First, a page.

The health effects of poor posture

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NEW YORK (CBS) A new survey finds many of us are not concerned about poor posture, even though it can have a big impact on the body.

Sitting at our desks, staring at our devices or just walking around, posture is a big part of our day.

Dr. Mark Gugliotti is an associate professor of physical therapy at the New York Institute of Technology. He said poor posture can lead to different types of pain. "The neck, the head, the shoulders, the elbow, hips, low back, knees, feet and ankle, the whole body is subject to any sort of postural dysfunctions," he said.

Dr. Gugliotti and his student showed CBS News Correspondent Katherine Johnson the right way to sit at a desk. To start, feet should be flat on the floor. "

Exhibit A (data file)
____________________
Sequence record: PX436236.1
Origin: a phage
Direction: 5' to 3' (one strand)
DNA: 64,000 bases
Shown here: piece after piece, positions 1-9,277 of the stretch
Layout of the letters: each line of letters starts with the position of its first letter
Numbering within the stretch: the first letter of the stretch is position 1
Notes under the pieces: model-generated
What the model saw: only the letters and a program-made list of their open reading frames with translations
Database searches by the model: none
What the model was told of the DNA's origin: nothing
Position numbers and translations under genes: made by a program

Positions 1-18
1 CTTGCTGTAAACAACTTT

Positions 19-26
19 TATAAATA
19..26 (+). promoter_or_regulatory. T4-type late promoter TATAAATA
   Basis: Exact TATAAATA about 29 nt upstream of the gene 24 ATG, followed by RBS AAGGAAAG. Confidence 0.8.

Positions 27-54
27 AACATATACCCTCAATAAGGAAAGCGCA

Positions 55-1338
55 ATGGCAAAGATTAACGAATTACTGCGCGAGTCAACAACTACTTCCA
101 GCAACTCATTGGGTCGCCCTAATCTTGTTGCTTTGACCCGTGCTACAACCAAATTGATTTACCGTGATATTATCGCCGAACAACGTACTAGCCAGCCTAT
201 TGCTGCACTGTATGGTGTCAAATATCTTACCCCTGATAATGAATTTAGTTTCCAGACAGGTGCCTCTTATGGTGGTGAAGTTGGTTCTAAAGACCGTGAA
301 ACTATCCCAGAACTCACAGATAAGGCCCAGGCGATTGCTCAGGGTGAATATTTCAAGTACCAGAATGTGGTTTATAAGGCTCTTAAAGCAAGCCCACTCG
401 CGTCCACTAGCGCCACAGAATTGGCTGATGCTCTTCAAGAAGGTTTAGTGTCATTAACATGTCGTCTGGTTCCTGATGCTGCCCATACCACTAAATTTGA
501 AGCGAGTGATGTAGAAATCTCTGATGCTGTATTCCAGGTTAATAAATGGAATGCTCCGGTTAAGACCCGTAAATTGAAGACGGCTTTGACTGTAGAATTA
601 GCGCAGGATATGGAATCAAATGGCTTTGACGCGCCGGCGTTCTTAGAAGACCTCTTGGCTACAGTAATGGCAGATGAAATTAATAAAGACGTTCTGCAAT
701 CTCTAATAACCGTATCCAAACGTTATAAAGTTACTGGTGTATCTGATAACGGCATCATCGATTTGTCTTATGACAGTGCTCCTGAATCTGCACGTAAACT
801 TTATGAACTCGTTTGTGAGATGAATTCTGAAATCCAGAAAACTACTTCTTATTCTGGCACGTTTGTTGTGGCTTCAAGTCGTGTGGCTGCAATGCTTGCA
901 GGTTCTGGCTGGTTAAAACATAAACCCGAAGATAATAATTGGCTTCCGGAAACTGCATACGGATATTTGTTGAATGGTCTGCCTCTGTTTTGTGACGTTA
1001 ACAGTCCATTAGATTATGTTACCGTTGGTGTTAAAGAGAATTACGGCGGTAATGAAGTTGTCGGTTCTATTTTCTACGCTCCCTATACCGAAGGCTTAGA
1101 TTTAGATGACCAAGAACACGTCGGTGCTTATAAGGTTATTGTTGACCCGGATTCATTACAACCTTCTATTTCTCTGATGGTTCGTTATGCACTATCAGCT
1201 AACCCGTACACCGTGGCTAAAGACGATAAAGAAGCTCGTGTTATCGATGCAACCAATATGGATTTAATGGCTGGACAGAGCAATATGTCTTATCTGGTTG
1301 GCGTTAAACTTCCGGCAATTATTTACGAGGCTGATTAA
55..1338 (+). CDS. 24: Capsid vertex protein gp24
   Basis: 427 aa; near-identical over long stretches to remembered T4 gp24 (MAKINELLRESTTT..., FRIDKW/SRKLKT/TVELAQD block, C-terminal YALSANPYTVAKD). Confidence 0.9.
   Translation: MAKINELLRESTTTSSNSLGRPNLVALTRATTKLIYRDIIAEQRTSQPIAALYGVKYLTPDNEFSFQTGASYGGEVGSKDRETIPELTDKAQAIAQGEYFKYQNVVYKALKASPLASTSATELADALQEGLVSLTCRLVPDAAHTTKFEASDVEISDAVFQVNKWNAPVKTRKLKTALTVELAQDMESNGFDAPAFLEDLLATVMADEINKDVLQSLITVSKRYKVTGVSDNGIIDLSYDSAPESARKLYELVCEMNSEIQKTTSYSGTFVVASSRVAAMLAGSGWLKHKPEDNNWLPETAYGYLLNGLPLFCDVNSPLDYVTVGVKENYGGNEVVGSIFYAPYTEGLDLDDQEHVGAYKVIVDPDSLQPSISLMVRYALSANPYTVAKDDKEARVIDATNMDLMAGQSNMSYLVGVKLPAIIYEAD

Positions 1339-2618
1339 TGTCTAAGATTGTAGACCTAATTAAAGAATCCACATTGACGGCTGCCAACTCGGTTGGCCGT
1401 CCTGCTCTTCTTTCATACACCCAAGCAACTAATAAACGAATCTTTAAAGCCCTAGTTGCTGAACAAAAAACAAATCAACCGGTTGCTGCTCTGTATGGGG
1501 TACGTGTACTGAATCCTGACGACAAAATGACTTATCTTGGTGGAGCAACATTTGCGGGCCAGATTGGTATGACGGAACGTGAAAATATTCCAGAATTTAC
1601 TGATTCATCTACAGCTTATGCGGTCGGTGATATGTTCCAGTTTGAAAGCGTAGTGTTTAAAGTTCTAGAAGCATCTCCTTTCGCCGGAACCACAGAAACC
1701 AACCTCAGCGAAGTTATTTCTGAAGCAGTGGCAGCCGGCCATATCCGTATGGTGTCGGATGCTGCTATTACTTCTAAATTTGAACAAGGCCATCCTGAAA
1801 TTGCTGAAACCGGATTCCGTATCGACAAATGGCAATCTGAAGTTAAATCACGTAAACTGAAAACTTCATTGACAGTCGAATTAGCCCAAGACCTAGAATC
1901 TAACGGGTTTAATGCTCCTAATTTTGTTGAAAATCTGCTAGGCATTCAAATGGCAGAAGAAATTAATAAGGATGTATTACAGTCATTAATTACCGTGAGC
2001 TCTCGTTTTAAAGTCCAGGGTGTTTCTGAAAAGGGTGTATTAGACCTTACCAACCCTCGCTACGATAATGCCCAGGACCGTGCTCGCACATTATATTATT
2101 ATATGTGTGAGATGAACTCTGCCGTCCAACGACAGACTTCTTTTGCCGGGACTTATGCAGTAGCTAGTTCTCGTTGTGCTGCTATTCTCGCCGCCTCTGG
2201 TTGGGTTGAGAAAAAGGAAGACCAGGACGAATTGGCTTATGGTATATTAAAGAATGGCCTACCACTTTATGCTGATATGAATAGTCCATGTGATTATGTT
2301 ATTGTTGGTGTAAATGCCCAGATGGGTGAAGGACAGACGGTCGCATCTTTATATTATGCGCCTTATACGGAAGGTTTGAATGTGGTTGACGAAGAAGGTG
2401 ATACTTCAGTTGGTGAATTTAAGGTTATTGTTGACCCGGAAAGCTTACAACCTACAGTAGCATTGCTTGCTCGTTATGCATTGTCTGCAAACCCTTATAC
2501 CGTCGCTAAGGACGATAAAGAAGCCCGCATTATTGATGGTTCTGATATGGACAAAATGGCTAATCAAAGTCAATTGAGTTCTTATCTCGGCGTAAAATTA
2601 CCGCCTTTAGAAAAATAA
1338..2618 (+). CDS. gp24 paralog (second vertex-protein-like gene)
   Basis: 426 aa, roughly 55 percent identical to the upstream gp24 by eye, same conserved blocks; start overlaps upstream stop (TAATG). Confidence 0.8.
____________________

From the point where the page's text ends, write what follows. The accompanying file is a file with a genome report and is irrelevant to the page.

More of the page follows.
"Lower the chair to position that helps accentuate a 90 angle between the trunk and hip as well as a 90 degree angle between the upper and lower leg," Gugliotti said.

Shoulders and elbows should also be at 90 degrees. Your computer screen should be an arm's length away and positioned so your eyes are looking at the top third of the screen without moving your neck up or down.

Looking down at our phones and devices creates another posture problem that can impact the back and neck. "Having your phone more towards the front of your face would be the best scenario," Dr. Gugliotti said.

And don't forget about your posture when you are walking. Keep your back straight not slumped, and try to pull your belly button in towards the spine.

If left untreated, poor posture can lead to nerve compression in the back of the neck, which can lead to headaches.

Poor posture can also impact the lungs of patients with asthma, COPD and emphysema.